Space Plague – one year on

I started a new job a year ago.

It was just 5 months since my husband had left me, and after a few false starts, I’d landed a job as an Explainer at the Science and Media Museum in Bradford.

My first gig, as it were, was the Bradford Science Festival – this was a huge event that spilled out from the Museum itself and across to Centenary Square in the City Centre and beyond.

My job was to assist at the Smashfest experience. Our aim was to encourage an interest in STEM subjects, by way of a bit of experiential learning.

That was a year ago. Can you imagine the crowds of people? Can you imagine getting close enough to complete strangers to hand out leaflets, help them into their paper boiler suits, cram five families at a time into a tent? Can you remember when that was normal?

The scenario we were using, in order to get kids talking about science, was an unknown disease that was spreading throughout the city. We called it ‘Space Plague’ – but you know where I’m heading.

We had a series of ‘rooms’ inside the tent – and in each room we looked at the different aspects of handling a new disease.

The first room dealt with differential diagnosis – how is this disease different from other diseases that we already know about? It’s because of differential diagnosis that we now know to look out for a ‘new and persistent cough’ and a loss of the sense of taste.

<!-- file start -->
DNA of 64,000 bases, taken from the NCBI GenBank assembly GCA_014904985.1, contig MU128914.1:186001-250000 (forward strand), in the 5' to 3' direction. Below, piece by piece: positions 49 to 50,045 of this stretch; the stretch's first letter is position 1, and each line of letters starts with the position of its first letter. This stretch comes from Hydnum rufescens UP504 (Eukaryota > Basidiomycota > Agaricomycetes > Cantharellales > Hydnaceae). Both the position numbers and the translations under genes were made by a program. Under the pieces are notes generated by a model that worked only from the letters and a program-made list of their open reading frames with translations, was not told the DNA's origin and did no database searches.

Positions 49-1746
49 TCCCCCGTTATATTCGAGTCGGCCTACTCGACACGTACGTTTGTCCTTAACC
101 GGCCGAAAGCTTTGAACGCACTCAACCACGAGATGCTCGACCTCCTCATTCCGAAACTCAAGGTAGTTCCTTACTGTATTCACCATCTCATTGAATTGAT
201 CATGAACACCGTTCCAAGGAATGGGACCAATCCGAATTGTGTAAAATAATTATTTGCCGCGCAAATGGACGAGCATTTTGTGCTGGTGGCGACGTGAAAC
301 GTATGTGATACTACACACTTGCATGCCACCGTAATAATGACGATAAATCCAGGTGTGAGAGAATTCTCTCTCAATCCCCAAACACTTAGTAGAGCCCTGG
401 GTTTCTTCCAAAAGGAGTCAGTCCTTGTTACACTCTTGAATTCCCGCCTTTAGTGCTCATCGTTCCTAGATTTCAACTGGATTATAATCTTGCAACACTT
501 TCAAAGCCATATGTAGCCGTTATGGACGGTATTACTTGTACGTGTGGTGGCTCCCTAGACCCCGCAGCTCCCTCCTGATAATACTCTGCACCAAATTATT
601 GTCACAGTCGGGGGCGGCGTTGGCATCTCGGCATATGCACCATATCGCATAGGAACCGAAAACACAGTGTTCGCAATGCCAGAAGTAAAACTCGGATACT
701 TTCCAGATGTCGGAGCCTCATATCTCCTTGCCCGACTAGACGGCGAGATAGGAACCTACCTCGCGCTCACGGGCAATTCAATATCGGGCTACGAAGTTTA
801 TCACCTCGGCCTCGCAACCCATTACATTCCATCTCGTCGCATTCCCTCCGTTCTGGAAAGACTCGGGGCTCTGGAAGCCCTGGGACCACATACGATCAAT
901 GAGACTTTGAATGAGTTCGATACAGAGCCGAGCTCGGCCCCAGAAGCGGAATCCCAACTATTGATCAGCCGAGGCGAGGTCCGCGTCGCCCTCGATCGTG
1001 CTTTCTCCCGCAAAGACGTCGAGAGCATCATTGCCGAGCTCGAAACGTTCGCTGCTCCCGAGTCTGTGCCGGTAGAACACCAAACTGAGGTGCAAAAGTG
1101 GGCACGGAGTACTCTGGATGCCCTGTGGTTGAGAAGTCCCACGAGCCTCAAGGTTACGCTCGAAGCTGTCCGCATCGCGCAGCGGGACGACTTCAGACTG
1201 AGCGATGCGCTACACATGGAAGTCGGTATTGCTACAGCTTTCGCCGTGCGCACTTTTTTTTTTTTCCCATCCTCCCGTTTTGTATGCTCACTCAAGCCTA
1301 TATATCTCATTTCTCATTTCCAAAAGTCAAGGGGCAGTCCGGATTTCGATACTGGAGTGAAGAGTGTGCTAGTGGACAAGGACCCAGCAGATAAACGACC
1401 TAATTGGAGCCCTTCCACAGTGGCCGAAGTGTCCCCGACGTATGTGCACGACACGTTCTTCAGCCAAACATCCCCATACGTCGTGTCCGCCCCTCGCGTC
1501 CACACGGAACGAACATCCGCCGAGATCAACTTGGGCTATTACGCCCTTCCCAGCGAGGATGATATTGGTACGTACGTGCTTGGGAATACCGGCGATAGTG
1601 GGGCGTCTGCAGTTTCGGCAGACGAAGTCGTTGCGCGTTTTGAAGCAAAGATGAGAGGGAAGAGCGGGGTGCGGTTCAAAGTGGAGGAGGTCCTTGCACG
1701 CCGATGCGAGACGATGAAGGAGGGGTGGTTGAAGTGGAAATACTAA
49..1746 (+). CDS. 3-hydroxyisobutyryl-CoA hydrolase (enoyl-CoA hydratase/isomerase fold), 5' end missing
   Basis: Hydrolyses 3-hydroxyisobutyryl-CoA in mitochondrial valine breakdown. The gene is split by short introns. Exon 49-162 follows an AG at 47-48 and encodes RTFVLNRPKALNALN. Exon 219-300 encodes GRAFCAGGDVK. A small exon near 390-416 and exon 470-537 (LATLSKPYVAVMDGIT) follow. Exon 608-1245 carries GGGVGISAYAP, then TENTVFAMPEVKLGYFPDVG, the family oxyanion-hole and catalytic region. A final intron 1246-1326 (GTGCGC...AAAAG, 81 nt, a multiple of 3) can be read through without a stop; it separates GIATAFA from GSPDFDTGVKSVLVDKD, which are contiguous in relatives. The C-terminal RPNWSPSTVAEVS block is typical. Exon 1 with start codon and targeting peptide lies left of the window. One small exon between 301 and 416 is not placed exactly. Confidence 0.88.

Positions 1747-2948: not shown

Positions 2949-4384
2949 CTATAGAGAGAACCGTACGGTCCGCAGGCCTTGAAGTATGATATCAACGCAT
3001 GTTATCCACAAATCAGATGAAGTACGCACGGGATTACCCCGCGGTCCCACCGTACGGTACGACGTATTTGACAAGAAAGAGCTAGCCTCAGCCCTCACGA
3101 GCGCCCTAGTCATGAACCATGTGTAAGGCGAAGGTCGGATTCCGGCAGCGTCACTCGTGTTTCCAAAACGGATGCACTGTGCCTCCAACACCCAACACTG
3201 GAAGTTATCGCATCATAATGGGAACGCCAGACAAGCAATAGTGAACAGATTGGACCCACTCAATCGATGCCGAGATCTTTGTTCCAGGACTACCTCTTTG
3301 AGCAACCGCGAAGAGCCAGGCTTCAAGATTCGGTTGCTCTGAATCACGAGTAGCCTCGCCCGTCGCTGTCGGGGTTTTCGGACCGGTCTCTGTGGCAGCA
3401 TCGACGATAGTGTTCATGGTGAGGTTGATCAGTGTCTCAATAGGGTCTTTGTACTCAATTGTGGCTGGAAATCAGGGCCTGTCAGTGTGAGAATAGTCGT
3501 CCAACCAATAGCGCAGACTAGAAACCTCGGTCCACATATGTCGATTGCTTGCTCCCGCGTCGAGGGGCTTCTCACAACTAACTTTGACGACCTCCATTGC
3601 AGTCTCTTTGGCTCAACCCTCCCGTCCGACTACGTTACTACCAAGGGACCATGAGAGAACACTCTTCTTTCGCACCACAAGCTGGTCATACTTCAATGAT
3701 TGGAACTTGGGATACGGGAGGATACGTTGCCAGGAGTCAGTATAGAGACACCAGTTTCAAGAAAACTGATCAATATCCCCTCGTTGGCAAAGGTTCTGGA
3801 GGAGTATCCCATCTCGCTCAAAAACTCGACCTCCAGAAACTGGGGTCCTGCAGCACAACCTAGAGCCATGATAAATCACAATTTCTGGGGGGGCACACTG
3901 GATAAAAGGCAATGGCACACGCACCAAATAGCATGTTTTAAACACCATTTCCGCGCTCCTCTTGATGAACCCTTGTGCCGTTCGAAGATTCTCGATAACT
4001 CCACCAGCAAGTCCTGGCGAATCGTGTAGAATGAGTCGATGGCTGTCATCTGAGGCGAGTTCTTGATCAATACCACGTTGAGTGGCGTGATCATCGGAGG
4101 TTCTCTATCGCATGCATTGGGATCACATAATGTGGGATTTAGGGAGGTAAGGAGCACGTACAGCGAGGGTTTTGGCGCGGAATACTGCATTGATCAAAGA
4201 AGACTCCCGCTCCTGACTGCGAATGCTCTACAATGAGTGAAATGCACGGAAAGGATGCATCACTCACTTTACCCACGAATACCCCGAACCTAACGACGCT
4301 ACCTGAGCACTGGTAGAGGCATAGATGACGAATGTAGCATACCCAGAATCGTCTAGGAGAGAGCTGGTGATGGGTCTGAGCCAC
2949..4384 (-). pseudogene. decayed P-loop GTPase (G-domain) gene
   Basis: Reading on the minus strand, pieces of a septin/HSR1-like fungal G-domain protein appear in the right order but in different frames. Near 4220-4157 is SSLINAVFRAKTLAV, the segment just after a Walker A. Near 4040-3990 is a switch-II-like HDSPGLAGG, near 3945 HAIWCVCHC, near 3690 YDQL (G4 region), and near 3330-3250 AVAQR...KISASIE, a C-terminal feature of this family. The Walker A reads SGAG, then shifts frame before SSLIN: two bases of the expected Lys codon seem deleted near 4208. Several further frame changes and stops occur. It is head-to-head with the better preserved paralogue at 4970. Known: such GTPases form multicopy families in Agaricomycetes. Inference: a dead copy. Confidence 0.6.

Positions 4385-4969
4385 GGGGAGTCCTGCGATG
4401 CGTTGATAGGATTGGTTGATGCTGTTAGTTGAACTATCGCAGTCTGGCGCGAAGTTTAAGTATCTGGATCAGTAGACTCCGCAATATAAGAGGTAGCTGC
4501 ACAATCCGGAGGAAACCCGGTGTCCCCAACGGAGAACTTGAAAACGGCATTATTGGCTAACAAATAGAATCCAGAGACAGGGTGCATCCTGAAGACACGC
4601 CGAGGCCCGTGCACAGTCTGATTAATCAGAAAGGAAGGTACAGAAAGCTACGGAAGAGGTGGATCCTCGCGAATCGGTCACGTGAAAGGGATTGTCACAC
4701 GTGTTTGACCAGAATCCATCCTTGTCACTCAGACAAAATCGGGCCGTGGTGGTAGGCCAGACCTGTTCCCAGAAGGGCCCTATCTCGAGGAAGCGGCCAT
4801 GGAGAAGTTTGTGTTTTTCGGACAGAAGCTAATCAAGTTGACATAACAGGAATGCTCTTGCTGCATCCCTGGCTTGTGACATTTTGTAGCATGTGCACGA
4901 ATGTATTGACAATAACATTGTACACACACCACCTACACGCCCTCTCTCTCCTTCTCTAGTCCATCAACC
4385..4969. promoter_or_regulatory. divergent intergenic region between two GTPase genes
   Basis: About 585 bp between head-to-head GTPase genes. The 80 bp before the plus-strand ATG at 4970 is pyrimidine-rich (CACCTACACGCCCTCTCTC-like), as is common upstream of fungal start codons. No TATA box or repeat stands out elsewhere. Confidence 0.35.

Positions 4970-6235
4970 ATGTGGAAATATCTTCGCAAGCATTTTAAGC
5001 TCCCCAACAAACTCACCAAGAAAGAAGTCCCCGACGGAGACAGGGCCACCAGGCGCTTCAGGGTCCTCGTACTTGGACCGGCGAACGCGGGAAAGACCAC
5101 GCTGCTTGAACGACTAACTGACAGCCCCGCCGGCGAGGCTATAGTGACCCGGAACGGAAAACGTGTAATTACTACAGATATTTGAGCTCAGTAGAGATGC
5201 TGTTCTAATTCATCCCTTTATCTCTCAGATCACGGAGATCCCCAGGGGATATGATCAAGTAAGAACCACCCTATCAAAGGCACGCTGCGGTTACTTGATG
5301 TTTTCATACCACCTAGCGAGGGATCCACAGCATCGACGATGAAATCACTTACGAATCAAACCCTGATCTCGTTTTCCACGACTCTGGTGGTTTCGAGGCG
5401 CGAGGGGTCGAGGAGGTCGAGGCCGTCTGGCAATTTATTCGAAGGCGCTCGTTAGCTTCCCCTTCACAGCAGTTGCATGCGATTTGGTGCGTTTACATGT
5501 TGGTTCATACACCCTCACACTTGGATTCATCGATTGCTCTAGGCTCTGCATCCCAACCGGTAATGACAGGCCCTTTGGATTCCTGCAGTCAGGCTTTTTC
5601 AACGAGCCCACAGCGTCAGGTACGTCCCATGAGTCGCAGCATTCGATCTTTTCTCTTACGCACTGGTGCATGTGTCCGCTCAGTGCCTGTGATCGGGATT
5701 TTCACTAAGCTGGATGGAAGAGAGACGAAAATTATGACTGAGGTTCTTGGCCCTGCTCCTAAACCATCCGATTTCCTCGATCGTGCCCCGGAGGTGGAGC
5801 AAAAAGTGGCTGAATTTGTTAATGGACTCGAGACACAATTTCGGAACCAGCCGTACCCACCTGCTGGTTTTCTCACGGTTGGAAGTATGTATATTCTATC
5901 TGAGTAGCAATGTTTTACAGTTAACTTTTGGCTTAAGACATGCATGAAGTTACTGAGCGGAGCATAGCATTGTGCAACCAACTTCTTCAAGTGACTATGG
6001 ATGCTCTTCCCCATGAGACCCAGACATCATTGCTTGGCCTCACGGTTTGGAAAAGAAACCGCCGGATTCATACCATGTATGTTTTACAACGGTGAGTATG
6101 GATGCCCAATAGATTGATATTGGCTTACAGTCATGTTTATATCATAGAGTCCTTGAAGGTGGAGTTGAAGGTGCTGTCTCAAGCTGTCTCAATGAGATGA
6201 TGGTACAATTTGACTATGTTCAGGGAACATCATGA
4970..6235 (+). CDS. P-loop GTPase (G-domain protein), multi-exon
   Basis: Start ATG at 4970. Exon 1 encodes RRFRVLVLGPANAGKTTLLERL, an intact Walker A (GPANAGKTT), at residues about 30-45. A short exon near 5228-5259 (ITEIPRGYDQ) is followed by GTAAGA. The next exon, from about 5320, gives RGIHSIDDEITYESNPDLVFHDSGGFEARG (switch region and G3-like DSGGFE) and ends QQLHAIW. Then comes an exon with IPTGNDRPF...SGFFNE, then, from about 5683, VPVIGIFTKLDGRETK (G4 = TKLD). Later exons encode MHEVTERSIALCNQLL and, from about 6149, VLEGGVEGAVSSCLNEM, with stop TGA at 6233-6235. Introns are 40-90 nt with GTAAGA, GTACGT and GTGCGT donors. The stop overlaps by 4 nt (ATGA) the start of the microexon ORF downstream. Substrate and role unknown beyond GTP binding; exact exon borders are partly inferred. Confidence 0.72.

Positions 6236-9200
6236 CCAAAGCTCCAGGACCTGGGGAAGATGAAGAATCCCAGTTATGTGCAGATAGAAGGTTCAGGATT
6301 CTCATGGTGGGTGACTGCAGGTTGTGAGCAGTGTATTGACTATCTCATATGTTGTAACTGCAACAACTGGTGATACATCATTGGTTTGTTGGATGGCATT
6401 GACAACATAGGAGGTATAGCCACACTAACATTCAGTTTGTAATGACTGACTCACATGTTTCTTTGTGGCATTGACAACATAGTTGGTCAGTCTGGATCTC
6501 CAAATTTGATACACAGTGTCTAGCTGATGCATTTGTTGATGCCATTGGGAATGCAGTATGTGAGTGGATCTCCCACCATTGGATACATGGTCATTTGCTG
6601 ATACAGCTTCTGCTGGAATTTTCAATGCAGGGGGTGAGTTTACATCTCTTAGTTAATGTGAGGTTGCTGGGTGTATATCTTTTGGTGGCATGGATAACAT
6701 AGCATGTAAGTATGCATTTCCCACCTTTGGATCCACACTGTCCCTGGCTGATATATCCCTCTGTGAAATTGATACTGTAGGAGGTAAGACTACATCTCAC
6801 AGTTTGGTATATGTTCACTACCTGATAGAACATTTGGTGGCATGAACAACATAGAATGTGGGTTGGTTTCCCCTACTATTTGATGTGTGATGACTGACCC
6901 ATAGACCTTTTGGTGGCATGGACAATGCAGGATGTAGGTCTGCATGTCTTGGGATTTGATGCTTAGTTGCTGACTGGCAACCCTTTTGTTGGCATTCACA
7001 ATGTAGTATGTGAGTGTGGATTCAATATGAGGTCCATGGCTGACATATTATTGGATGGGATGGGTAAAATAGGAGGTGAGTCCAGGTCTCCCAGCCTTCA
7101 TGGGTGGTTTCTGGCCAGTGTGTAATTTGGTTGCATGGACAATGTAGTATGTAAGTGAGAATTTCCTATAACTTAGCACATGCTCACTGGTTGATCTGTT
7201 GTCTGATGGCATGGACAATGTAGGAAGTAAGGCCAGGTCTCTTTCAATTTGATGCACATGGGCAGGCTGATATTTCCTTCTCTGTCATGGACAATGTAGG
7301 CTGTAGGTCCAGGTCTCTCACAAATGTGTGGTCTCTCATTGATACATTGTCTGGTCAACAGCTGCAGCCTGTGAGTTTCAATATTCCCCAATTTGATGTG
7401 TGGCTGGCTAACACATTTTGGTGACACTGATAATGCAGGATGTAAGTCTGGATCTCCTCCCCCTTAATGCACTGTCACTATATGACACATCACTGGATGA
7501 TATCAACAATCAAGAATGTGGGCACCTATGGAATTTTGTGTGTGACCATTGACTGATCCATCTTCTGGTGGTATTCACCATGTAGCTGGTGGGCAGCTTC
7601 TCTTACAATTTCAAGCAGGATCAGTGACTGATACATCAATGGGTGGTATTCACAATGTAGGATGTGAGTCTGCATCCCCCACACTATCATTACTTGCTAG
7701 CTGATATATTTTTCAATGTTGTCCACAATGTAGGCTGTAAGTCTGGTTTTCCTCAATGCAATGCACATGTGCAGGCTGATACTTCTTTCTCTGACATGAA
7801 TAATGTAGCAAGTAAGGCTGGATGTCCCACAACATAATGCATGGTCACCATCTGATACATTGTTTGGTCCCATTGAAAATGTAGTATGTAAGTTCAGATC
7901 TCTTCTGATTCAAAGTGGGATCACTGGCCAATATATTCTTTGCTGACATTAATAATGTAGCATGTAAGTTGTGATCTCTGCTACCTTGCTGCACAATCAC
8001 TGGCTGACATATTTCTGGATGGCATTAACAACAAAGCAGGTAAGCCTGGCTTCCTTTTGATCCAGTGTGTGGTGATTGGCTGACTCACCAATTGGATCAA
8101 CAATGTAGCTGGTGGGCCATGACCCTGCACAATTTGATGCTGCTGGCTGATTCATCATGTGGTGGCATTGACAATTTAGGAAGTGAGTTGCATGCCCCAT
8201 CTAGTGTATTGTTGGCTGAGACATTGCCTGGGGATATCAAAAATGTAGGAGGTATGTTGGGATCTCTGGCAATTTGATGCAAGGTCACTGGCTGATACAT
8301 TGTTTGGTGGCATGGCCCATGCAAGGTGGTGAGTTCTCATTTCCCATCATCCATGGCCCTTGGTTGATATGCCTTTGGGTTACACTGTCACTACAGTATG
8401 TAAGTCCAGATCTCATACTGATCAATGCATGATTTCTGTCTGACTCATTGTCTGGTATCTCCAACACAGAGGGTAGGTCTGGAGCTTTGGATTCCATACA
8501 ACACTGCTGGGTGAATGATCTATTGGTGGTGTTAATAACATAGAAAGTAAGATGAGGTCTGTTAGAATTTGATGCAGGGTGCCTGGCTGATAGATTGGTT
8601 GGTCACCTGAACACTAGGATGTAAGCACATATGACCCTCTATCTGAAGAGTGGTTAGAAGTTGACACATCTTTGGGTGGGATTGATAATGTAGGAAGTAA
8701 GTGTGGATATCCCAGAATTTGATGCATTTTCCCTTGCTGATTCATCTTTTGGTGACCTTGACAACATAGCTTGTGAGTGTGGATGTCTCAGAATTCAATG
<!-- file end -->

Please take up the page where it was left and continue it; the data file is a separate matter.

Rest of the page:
The second room was epidemiology – it’s because of epidemiology that we know Covid-19 generally has a greater effect on older people than on younger people. Epidemiology gives us the R Rate as well.

The third room was about chemistry – it’s because of chemistry that we have a means of testing for Covid now. Although don’t get me started on the ‘system’ being used to deliver it… And it will be chemistry that delivers a vaccine, if there’s a vaccine to be delivered.

The final room was all about medical ethics. In here the children were encouraged to discuss some quite difficult concepts. Should people be quarantined? Is it ethical to expect medical staff to risk their lives treating people with an unknown disease? Is it ethical to leave people to die alone in order to protect the medical staff? One child suggested that the whole city should be cordoned off, no-one allowed in or out, in order to protect the rest of the country. Everyone thought that was a bit extreme – but substitute country for city, and that’s exactly what happened.

Looking back at what I wrote at the time, it all seems so innocent. We’re living in a different world now – a world where this is no longer just a fun idea for a Science Festival, but actual reality. And how very quickly we’ve got used to it!!

The Bradford Science Festival 2020 has been postponed, not cancelled – it’ll happen in October instead. See here for details.

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4 Comments Add yours

  1. Alien Resort says:

    What an interesting experience to have a year before.

    Like

    1. It’s weird to think back to it!! Great fun at the time, but now – quite spooky!!

      Liked by 1 person

  2. Joan Mudd says:

    Brilliant piece.

    Like

    1. Thank you!! Hard to think it’s only a year ago!!

      Like

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